After a massive earthquake in southeastern Afghanistan killed more than 1,000 people and leveled entire villages, the Biden administration faces fresh calls on Wednesday to return nearly $7 billion in central bank assets as it emerges from the seized from a war-torn and impoverished nation trying to recover. From the catastrophe
“Aid organizations have cited longstanding assets and the sanctions regime as insurmountable obstacles to getting Afghans to basic needs and emergency relief,” tweeted Advocacy for Afghans for a better tomorrow. ,[President Joe Biden] must act quickly and decisively at this critical moment; Time is of the essence.”
“Just because we don’t like the Taliban, our collective punishment of Afghan women, children and the entire population of ordinary Afghans is not an acceptable policy.”
The quake added to an already dire humanitarian crisis facing ordinary Afghans, millions of whom are suffering acute hunger while the country’s economy is on the brink of total collapse – amid US and European sanctions and other punitive measures. The United Nations warns that 97% of Afghans could fall into poverty this year.
Claire Daly, Socialist MEP required On Wednesday that officials in the Biden administration were “returning like crooks the billions stolen from the Afghan people.”
These funds are “needed now more than ever to address the disaster,” Daly wrote on Twitter.
Earlier this year, the Biden administration announced a move to permanently seize $7 billion in Afghan central bank assets that had been frozen since the Taliban took power last August. The administration said it would split the assets between an unspecified fund to help ordinary Afghans and family members of 9/11 victims.
New York Times Earlier this month it was reported that “at least six major groups of victims of 9/11 have reached a tentative agreement to divest about $3.5 billion in assets held by the Afghan central bank, which they consider part of the Taliban attempt.” to forfeit the legal claims against him.”
in a letter to the editor Washington Post Earlier this week, Kelly Campbell of 9/11 Families for a Peaceful Tomorrow — a group opposed to the Biden administration’s seizure of Afghan assets — wrote: “Just because we don’t like the Taliban doesn’t make Afghans punish our collective punishment of women , children and the entire population of ordinary Afghans is an acceptable policy.”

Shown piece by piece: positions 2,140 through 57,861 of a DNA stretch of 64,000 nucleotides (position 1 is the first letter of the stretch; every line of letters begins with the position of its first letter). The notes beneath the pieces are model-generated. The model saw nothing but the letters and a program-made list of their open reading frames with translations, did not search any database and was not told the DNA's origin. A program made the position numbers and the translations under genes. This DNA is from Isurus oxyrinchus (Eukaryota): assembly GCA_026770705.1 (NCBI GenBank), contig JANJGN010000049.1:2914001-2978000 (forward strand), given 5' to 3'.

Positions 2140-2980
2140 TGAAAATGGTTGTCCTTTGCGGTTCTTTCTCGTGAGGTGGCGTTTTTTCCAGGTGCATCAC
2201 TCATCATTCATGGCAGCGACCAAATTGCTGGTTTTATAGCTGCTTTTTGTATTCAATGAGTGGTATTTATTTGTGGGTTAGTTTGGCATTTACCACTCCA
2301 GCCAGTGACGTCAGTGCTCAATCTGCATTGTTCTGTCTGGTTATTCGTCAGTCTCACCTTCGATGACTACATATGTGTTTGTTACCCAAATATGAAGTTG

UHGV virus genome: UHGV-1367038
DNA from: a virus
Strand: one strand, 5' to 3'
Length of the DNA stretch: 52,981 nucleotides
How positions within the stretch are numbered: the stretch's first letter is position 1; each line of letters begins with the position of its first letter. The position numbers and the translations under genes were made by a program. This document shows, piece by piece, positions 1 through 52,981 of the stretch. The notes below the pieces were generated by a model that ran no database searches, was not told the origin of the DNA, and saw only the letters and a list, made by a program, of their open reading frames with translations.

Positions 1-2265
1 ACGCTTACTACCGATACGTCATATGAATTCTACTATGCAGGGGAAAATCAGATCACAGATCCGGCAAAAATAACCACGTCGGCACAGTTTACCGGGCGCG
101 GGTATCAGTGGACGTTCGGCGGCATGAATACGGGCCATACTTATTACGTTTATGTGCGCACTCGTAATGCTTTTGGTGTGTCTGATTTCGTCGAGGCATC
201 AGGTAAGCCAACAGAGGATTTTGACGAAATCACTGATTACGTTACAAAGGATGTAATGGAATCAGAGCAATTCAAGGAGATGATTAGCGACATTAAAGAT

“In addition to withholding aid, the government has pumped billions of dollars into Afghan central bank funds, crippling the country’s economy,” Campbell said. “If we care about the Afghan people, including Afghan women, the United States must release funds from the Afghan central bank to get the economy back on its feet and ensure aid flows to prevent an immediate disaster .” and ultimately a failed state.”
In response to Wednesday’s earthquake, National Security Advisor Jake Sullivan said the Biden administration was “deeply saddened by the devastating earthquake that killed at least 1,000 people in Afghanistan” — but gave no indication that he was seizing land became. Consider returning the property. ,
“President Biden is monitoring developments and has directed USAID and other federal government partners to review U.S. response options to assist those most affected,” Sullivan said.
Adnan Junaid, vice chairman of the International Rescue Committee for Asia, warned in a statement that “the impact of this disaster on local communities in the affected provinces is catastrophic and the impact of the quake on humanitarian aid, which is already spreading in Afghanistan.” Concerns.” a serious reason.”
“Money is needed now to save lives and support essential services, but the international community must move forward and create a roadmap that will help restart development aid, provide technical assistance to the central bank, and ultimately help Afghanistan progress.” Determine the strategy for the release of foreign exchange reserves. said June. “Only a bold strategy that tackles the causes of this crisis will end the population’s spiral of misery.”